Postprandial glycaemic and lipaemic responses to chronic coffee consumption may be modulated by CYP1A2 polymorphisms

T M Robertson et al, 2018.
British Journal of Nutrition, Volume 11(7).
March 26, 2018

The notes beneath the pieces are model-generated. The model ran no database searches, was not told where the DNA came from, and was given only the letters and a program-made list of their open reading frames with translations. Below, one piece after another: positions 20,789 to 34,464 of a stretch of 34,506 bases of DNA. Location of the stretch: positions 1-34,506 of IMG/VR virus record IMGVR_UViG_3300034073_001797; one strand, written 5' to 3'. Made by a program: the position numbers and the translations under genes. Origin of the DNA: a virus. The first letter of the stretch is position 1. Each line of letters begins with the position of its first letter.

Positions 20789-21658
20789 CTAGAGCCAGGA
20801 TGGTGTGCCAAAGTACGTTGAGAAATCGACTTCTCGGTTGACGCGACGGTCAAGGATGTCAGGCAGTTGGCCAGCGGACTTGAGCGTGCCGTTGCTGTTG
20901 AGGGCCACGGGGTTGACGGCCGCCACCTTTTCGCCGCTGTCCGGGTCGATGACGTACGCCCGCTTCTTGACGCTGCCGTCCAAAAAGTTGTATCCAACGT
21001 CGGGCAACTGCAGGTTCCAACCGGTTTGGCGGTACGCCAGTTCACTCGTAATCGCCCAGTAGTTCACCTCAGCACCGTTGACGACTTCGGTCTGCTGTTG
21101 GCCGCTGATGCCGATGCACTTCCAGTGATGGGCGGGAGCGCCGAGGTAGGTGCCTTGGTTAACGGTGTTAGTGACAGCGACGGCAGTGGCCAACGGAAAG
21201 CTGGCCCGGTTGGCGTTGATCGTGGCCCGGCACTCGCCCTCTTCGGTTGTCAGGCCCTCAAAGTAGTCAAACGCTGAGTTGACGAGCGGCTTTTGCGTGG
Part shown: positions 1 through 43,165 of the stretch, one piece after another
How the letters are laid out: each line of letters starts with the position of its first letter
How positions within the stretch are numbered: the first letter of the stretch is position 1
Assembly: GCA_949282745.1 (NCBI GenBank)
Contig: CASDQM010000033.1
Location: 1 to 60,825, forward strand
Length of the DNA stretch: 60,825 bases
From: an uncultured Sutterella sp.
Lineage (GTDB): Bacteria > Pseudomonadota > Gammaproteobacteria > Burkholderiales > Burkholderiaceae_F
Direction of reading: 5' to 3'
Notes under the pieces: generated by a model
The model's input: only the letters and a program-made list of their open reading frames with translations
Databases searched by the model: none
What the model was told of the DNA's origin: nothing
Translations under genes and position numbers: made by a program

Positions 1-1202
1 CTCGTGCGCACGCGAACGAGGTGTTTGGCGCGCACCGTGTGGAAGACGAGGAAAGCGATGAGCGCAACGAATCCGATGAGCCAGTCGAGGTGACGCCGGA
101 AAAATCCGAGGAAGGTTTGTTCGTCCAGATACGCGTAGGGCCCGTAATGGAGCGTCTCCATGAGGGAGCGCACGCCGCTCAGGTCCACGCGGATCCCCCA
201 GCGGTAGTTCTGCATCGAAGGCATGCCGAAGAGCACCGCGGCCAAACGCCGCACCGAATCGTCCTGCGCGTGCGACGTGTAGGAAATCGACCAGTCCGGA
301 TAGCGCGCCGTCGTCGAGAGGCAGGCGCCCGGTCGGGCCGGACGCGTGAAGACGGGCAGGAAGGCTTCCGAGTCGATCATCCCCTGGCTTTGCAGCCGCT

There is much epidemiological evidence suggesting a reduced risk of development of type 2 diabetes (T2D) in habitual coffee drinkers, however to date there have been few longer-term interventions, directly examining the effects of coffee intake on glucose and lipid metabolism. Previous studies may be confounded by inter-individual variation in caffeine metabolism. Specifically, the rs762551 SNP in the CYP1A2 gene has been demonstrated to influence caffeine metabolism, with carriers of the C allele considered to be of a ‘slow’ metaboliser phenotype. This study investigated the effects of regular coffee intake on markers of glucose and lipid metabolism in coffee-naïve individuals, with novel analysis by rs762551 genotype. Participants were randomised to either a coffee group (n 19) who consumed four cups/d instant coffee for 12 weeks or a control group (n 8) who remained coffee/caffeine free. Venous blood samples were taken pre- and post-intervention. Primary analysis revealed no significant differences between groups. Analysis of the coffee group by genotype revealed several differences. Before coffee intake, the AC genotype (‘slow’ caffeine metabolisers, n 9) displayed higher baseline glucose and NEFA than the AA genotype (‘fast’ caffeine metabolisers, n 10, P<0·05). Post-intervention, reduced postprandial glycaemia and reduced NEFA suppression were observed in the AC genotype, with the opposite result observed in the AA genotype (P<0·05). These observed differences between genotypes warrant further investigation and indicate there may be no one-size-fits-all recommendation with regard to coffee drinking and T2D risk.


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